Sunday, May 28, 2017

Karl Wuensch and Anosmia

Karl Wuensch was going about his normal, daily life activities when something seemed off. He had incidents where he could not smell foods if they were old. There was also a major incident where he could not smell a very strong odor of propane, which could have been harmful for his health. Soon enough, he had gone to the doctor. When the test results came in, he learned that he became anosmic, which means losing your sense of smell. When Wuensch was diagnosed with anosmic, he started searching for information to get a good grasp on his diagnosis. He found that roughly two million Americans with anosmic go uncured. When asked what he misses the smell of most, he replies with "People. I didn't expect how much I would miss the smell of people." I thought his comment was very interesting, mostly because I would probably say the same thing. I feel as if I am always smelling the different scents of people, especially that specific house scent. Karl also comments that it's just not the same being with people when you can't smell them


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  2. I really liked that you chose to write a post about this topic because while I was reading this chapter I found myself really thinking about what scents I would miss the most if I was diagnosed with anosmia. I happen to agree with Karl and you about missing the smell of people. I to this day miss the scent of my grandfather because while I was growing up he continually used the same aftershave every morning. For me, I would miss the most basic scents from people to the ocean to even a real Christmas tree. I never realized how difficult it would be to be able to smell all your life and then one day wake up and not be able to smell anything anymore. Once you lose your sense of smell, suddenly you rely heavily on your sense of touch, taste, and hearing in order to make up for the lost sense. This section was extremely eye catching and I loved that someone else saw it the same way I did!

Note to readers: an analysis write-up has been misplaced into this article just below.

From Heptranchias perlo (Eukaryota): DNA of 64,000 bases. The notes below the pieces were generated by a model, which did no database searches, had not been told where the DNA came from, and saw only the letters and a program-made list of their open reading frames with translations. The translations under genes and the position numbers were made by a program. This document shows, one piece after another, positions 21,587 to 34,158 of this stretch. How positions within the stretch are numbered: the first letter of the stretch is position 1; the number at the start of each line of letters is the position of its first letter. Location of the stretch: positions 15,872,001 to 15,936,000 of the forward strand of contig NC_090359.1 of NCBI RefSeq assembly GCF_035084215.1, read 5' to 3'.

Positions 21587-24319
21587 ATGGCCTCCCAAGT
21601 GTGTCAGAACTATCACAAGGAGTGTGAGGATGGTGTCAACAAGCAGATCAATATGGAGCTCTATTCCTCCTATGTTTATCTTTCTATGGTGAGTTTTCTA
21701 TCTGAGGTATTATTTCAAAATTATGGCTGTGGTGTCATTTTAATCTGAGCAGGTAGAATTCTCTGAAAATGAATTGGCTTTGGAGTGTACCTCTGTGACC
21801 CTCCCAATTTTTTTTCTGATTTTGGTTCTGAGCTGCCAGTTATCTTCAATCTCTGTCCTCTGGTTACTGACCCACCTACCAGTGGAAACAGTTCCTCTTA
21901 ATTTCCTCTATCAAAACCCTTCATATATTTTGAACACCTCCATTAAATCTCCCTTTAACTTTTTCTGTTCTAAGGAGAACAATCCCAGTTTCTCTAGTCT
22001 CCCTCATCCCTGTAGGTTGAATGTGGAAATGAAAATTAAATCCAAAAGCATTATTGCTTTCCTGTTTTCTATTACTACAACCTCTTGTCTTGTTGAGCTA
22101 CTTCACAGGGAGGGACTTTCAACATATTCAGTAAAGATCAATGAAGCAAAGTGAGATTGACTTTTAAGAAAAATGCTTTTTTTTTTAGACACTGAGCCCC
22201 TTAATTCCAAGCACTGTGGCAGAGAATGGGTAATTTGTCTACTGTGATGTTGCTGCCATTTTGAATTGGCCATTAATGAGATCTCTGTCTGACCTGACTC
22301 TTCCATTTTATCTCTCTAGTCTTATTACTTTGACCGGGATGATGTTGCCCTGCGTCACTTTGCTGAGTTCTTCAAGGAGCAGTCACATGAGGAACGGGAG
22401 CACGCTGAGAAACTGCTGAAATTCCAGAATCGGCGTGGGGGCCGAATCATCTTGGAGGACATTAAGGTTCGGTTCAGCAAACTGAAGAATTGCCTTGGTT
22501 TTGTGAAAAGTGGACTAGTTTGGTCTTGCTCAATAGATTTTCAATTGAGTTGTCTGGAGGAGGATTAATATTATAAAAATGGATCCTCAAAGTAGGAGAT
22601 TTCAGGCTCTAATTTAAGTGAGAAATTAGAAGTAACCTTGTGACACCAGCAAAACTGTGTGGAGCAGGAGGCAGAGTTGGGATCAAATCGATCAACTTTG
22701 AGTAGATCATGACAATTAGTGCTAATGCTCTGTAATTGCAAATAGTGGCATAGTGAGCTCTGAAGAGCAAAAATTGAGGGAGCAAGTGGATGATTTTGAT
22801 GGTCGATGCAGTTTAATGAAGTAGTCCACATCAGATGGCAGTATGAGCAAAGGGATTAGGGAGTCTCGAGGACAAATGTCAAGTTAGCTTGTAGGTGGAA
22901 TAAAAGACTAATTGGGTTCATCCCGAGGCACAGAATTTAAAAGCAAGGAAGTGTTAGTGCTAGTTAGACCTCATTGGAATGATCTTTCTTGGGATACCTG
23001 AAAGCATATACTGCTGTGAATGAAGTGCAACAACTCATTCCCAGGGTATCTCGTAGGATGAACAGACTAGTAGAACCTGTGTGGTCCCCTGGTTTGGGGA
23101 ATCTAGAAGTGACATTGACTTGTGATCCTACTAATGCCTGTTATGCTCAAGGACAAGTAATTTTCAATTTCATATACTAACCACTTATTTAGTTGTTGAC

3. When I first read about Karl I was blindsided by the fact that anosmia was a real problem in the United States! Often times you hear about people losing their eye sight or the ability to hear, but I personally have never hear of anosmia. After reading what Karl missed most was the smell of people, it really opened my perspective. There are so many little things that we take for granted without realizing it, including our senses. After analyzing my day, I realized how much I really do rely on my sense of smell. I really enjoyed that the author, Lawerence Rosenblum, incorporated Karl's story.